Massage Therapy

Although the range of benefits of massage therapy is not yet fully understood by the scientific community, it’s generally believed that massage can provide some, if not all, of the following beneficial effects:

  • Alleviate pain, from head to toe
  • Reduce stress
  • Ease sleep
  • Reduce blood pressure
  • Assist with pregnant women’s labor
  • Reduce cramping
  • Help athletes recover from strenuous activity
  • Release the body’s endorphins
  • Improve skin complexion
  • Help with depression
  • Increase the body’s immunity
  • Improve circulation
  • Increase energy

Students of therapeutic massage specialize in a variety of modalities, or different types of massage.  Each of these different modalities offer different physiological and emotional benefits.
Below is a partial list of the 160-plus types of massage in which a massage therapist can specialize. Many of these are taught in basic programs at massage schools nationwide

Active Isolated Stretchin: Is one of the methods of stretching most used by today’s athletes, massage therapists, & personal/athletic trainers.
Alexander technique:  Is an alternative medicine and educational discipline focusing on bodily coordination, including psychological principles
Aromatherapy massage: Swedish massage with scented oils used to illicit a physical responce.
Ayurveda is an ancient medical science. The word, ayurveda is composed of two words of Sanskrit, ayur (meaning life) and veda (meaning knowledge).
Ashiatsu: Japanese foot pressure massage.
Bowen technique: Involves gentle rolling movements.
Breema: Meditative pulling and pushing of limbs.
Connective Tissue Therapy: A deep tissue bodywork designed to help re-align the human structure to a more efficient form.
Deep tissue massage: Targets deeper layers of connective tissue.
Elder Massage therapy: Is particularly valuable for the aches and pains associated with growing older.
Feldenkrais Method: A form of self-education and mind-body functional development, rather than a manipulative therapy. Incorporates movement to relearn what the body forgot.
Heliotherapy: The use of sunlight or of an artificial source of ultraviolet, visible, or infrared radiation for therapeutic purposes.
Hilot: Filipino method of healing involving massage and holistic energy treatments.
Hot stone massage: Hot stones are used to loosen muscles and expand blood vessels to allow blood to flow more freely.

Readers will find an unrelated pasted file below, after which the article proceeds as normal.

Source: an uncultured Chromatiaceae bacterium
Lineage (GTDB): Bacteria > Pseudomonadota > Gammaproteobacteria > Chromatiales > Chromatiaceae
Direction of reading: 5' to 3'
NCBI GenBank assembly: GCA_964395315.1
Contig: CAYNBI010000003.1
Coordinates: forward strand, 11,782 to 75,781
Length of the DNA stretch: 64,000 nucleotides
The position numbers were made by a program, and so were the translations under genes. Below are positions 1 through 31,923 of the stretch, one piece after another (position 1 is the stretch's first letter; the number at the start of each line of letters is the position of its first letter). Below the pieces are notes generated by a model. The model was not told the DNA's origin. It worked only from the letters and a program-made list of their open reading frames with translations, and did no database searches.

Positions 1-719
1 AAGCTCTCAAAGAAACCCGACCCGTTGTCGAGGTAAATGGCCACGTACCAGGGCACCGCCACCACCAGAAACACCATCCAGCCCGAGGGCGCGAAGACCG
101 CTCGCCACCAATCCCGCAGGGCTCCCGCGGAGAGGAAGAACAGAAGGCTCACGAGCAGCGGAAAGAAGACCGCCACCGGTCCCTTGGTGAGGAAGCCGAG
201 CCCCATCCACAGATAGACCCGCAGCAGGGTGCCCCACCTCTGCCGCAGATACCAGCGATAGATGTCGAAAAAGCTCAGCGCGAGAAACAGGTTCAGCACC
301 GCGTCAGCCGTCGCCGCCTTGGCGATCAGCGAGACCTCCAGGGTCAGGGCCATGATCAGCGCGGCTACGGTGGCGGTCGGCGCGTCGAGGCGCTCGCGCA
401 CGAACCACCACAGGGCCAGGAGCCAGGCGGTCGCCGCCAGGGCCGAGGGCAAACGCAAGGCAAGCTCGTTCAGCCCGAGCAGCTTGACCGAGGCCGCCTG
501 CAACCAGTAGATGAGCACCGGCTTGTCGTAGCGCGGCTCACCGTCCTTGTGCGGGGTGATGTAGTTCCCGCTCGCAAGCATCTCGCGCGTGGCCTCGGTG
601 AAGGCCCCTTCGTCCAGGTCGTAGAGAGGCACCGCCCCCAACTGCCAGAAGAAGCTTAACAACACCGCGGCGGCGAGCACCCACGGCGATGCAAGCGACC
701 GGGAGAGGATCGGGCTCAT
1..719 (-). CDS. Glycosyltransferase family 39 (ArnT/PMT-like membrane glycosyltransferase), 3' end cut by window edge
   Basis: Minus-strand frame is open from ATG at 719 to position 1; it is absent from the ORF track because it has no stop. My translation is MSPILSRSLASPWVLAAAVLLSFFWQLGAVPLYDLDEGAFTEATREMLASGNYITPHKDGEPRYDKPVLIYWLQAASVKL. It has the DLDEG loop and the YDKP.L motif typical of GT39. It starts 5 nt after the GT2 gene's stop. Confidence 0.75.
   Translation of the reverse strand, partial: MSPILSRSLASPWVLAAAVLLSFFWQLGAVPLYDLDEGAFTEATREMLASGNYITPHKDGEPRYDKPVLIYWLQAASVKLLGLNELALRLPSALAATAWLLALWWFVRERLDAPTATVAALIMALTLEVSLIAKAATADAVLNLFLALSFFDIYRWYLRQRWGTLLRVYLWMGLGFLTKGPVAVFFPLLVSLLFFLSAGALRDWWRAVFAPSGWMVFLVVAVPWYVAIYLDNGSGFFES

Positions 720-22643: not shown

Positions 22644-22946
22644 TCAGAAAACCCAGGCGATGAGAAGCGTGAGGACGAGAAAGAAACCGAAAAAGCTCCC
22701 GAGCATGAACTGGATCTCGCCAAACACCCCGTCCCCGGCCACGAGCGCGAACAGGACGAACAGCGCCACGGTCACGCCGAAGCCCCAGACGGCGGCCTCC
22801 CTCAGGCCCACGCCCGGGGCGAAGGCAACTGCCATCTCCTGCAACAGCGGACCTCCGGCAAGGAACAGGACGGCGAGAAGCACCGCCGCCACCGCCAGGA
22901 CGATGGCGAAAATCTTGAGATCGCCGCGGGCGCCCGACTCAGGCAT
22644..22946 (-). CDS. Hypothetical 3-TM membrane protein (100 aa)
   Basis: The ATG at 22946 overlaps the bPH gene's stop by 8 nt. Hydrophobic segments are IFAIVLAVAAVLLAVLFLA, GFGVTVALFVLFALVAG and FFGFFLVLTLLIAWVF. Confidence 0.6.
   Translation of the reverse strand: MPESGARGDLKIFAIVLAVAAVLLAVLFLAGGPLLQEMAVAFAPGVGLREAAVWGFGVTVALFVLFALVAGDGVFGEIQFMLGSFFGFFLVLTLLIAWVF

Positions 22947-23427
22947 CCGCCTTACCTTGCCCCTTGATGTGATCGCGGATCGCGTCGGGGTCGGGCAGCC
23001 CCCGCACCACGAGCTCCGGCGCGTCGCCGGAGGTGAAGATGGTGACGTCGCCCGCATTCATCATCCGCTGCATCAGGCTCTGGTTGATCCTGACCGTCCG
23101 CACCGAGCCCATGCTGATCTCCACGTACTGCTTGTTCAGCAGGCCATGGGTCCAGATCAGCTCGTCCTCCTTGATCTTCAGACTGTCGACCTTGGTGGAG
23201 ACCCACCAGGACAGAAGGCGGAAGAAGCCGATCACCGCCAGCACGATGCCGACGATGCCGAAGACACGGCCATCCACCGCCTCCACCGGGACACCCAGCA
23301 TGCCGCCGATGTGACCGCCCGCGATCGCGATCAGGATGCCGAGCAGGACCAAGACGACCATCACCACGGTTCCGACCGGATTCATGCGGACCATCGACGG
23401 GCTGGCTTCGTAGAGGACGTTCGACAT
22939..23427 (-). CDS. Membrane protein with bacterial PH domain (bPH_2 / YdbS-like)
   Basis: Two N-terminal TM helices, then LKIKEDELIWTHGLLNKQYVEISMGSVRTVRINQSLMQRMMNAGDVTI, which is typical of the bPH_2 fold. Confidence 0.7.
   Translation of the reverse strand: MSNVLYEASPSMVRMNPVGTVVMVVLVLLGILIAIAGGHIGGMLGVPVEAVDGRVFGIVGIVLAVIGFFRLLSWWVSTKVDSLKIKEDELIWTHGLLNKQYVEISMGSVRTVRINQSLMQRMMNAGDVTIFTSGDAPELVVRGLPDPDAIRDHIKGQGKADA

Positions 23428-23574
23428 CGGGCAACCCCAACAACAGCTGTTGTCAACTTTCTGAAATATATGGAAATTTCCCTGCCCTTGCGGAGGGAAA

Hydropathy: the internal and external use of water in the treatment of disease
Infant massage: Targeted to infants to alleviate pain, ease sleep or strengthen the parental bond.
Lomilomi: A traditional Hawaiian massage using knuckles, thumbs, elbows and forearms.
Medical Massage:  Is an outcome-based massage which is primarily the application of specific treatment protocols targeted to the specific problem(s)
Myoskeletal Alignment Technique: Combines massage, stretching and spinal alignment to ease and prevent neck and back pain.
Neuromuscular therapy: Uses pressure from fingers, knuckles or elbows to target specific points to release pain and physical restrictions.
Polarity Therapy: Designed by Dr Stone, it is based on meridians, chakras and energy centers in the body.
Prenatal massage: Designed for pregnant women’s needs; also known as pregnancy massage.
Reflexology: Foot massage focusing on specific pressure points.
Reiki healing: Is the usage of spiritual energy to heal a person’s energetic imbalance.
Rolfing: A popular variation of deep tissue massage.
Scalp massage: Massaging the top of the head.
Shiatsu: Applies pressure to specific acupuncture areas and regions of stiffness; also known as acupressure.
Sports massage: Designed for athletes and people involved in physical activity.
Swedish massage: Uses long strokes, kneading and circular movements with lotion or oil.
Thai massage: Similar to shiatsu; focuses on specific pressure points, with an emphasis on stretching and opening up the meridian lines.
Trager work: Uses gentle rocking motions.
Trigger point therapy: Applies pressure to areas of tightness with the intent of releasing chronic contractions.
Watsu: Performed in water, combining hydrotherapy with shiatsu.
Tui Na: A Chinese massage that is similar to Zhi Ya, but focusing more on pushing, pulling and kneading the muscle.
Zhi Ya: A Chinese massage based on acupressure. It is similar to Tui Na massage except it focuses more on pinching and pressing at acupressure points.
For more on massage therapy or for scheduling an affordable student session, contact ASIS Massage Education in Flagstaff, Prescott, Tucson and the Verde Valley at 928-639-3455 or visit them on the web at www.asismassage.com

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